Things You Need to Know: Real Estate Scams

by Mary Margaret McEachern
March 2019

A homeowner hears noise on the porch, and looks out to see a car in the driveway and behind it, a rental truck. A couple of people are trying to gain entry, some peering in the windows. Following a frantic call to 911 the police arrive only to learn the "perpetrators" they just handcuffed believe they are the rightful tenants of a house they paid a fat deposit to rent without ever setting foot inside. But the house is not available for rent -- it's actually for sale -- and the homeowner wasn't the person who received the electronically transferred deposit from the erstwhile tenants who viewed pirated photos of the property online and were scammed out of thousands of dollars in security and first month's rent deposits.

The already high demand for affordable housing, specifically rentals, has grown dramatically in the wake of Hurricane Florence. Displaced residents still seek temporary housing pending restoration of their homes. Hundreds of renters need alternative affordable arrangements, and they needed this yesterday. Need, when coupled with the increasing availability of online information, tempts people to bypass Realtors in favor of direct online research which, unfortunately, subjects them to victimization by someone intent on cheating, swindling, deceiving, tricking, duping, hoodooing another, known as scamming.

Fake Ads

"Historically, scams have been the worst on Craigslist," says Meghan Riley, team administrator of the Cameron Team, part of Coldwell Banker Sea Coast Advantage. "But since the hurricane, there has been an uptick on Facebook, especially within rental and sale groups. It happens most frequently with long-term rentals [more than 90 days]."

The increasingly popular Nextdoor app provides another platform for scammers. The property looks legitimate, but the scammer has copied and pasted photos of a legitimate listing to create a fake ad.

"Images are ripe for the picking," says Casey Roman, investigative reporter for WECT TV and documentary film producer. "Scammers are savvy; they right-click images from legitimate sites [like Zillow], then post them onto their own ads."

Rental Scams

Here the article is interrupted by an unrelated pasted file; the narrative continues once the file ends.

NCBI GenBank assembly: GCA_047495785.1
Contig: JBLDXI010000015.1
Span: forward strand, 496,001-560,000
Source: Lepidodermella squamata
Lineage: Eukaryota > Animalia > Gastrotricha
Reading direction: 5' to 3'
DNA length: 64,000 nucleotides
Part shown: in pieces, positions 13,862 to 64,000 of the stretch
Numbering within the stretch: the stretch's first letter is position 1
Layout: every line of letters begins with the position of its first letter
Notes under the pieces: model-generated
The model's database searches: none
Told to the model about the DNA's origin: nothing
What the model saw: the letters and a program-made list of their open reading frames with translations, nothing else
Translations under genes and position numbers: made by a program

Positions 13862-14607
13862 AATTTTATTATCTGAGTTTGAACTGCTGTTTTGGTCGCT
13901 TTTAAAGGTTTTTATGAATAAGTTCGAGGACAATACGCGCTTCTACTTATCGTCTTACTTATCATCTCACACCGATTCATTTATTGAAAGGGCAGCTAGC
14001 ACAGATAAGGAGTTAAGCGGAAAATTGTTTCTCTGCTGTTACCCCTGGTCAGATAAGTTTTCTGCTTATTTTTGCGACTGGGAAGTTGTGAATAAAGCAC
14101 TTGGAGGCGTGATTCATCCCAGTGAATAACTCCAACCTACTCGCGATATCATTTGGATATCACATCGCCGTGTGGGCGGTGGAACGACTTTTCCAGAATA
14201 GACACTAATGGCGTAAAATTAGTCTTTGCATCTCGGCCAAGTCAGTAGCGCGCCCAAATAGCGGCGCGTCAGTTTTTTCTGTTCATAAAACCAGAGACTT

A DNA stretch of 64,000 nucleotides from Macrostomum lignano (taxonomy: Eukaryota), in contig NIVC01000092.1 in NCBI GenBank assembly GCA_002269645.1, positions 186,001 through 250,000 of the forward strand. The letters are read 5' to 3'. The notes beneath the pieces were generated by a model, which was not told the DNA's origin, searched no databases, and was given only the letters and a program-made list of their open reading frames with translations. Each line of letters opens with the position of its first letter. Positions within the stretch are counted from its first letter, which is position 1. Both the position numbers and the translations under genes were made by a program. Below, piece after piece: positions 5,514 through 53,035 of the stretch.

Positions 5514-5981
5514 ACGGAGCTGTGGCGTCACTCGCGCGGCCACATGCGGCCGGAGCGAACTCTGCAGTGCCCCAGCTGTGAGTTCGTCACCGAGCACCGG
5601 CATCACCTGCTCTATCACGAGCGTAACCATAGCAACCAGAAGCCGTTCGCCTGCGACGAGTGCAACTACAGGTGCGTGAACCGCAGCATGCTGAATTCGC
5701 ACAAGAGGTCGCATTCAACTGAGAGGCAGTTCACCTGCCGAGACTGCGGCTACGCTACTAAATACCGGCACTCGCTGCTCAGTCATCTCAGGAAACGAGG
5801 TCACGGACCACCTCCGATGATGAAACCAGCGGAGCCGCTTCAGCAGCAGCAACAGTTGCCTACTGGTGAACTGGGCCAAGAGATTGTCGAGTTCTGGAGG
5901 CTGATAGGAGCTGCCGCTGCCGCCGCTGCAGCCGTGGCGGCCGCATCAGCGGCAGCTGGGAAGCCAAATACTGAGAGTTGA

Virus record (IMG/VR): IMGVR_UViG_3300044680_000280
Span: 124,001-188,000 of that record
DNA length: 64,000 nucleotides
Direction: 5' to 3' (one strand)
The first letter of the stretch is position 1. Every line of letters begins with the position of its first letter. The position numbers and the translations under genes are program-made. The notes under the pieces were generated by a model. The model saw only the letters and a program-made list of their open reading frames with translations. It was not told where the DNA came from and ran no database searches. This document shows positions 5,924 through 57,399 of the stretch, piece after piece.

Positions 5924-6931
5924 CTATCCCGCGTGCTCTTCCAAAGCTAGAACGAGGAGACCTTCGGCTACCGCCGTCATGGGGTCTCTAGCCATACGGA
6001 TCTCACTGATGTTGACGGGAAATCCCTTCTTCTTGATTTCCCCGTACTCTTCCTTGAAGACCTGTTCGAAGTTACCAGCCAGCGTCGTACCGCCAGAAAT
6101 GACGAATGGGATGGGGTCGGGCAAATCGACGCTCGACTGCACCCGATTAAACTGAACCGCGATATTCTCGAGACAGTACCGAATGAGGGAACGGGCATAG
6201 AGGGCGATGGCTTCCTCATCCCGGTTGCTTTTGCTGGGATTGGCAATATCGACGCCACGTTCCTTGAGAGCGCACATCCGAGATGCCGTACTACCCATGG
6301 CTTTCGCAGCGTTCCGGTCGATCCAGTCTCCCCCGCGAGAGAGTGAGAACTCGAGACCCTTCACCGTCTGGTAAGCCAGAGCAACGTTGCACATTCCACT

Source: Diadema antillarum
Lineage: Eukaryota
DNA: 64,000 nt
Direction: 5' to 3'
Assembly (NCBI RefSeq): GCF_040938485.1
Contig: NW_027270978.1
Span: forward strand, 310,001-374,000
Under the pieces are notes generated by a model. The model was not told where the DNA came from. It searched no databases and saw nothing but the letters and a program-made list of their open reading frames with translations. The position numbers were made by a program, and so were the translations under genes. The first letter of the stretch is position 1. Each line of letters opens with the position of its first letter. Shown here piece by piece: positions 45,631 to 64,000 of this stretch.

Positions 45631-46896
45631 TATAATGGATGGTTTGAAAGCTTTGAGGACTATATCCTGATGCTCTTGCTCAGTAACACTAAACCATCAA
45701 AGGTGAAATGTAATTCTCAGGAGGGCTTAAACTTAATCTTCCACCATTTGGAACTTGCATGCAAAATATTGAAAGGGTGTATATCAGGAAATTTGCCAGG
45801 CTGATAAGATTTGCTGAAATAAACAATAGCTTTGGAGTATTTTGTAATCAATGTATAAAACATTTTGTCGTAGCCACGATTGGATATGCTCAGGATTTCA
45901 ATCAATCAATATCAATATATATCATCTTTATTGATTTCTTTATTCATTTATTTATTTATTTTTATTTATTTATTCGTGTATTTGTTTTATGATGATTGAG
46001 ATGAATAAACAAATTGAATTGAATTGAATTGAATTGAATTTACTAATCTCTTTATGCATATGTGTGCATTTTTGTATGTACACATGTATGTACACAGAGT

Rent scam scenarios follow similar patterns. First, prospective tenants conduct an online search via Craigslist or a similar service. When they respond to the ad, they might be contacted by an individual who claims to be out of town or otherwise unavailable to show the property. The contact might supply an address and invite the prospect to drive by for an exterior viewing.

If a request for an interior showing elicits a demand for an immediate advance deposit and/or the first month's rent by electronic transfer or any other means not requiring an in-person meeting, or if the contact requests Social Security or bank account numbers or other sensitive, personal information, do not proceed without first verifying the ad is legitimate.

Legitimate Listings

How do you protect yourself in this day of the increasingly sophisticated thief? Before making contact, conduct some basic research to check for legitimacy. If local, drive through the neighborhood and look for inconsistencies. Are the advertised amenities in place? Confirm other details stated in the ad. Google the image to see if it matches the claimed address. "If you can't get the address from the ad for a simple drive-by, that is a major red flag," Roman says. Searching free real estate records online via the New Hanover County Tax Department and New Hanover County Register of Deeds will verify ownership. Both websites are user-friendly and require no specific legal knowledge.

Sellers are not immune to scammers using similar tactics to dupe individuals seeking rentals.

If you list your property for sale, and your home's image is pirated by a scammer, it may be used to create a fake rental ad. Would-be renters may drive by the property, and may even visit and peek into windows. If one suffers injury while on your property, you may potentially be liable.

There is no end to the creativity of the scammer who morphs tactics to prey upon others. If you are searching for property on the Internet, use caution and do your homework. If you are selling property online, watermark your images to deter piracy. Be vigilant.

 


Copyright 2019 Wrightsville Beach Magazine. All rights reserved. This material may not be published, broadcast, rewritten or redistributed.

 

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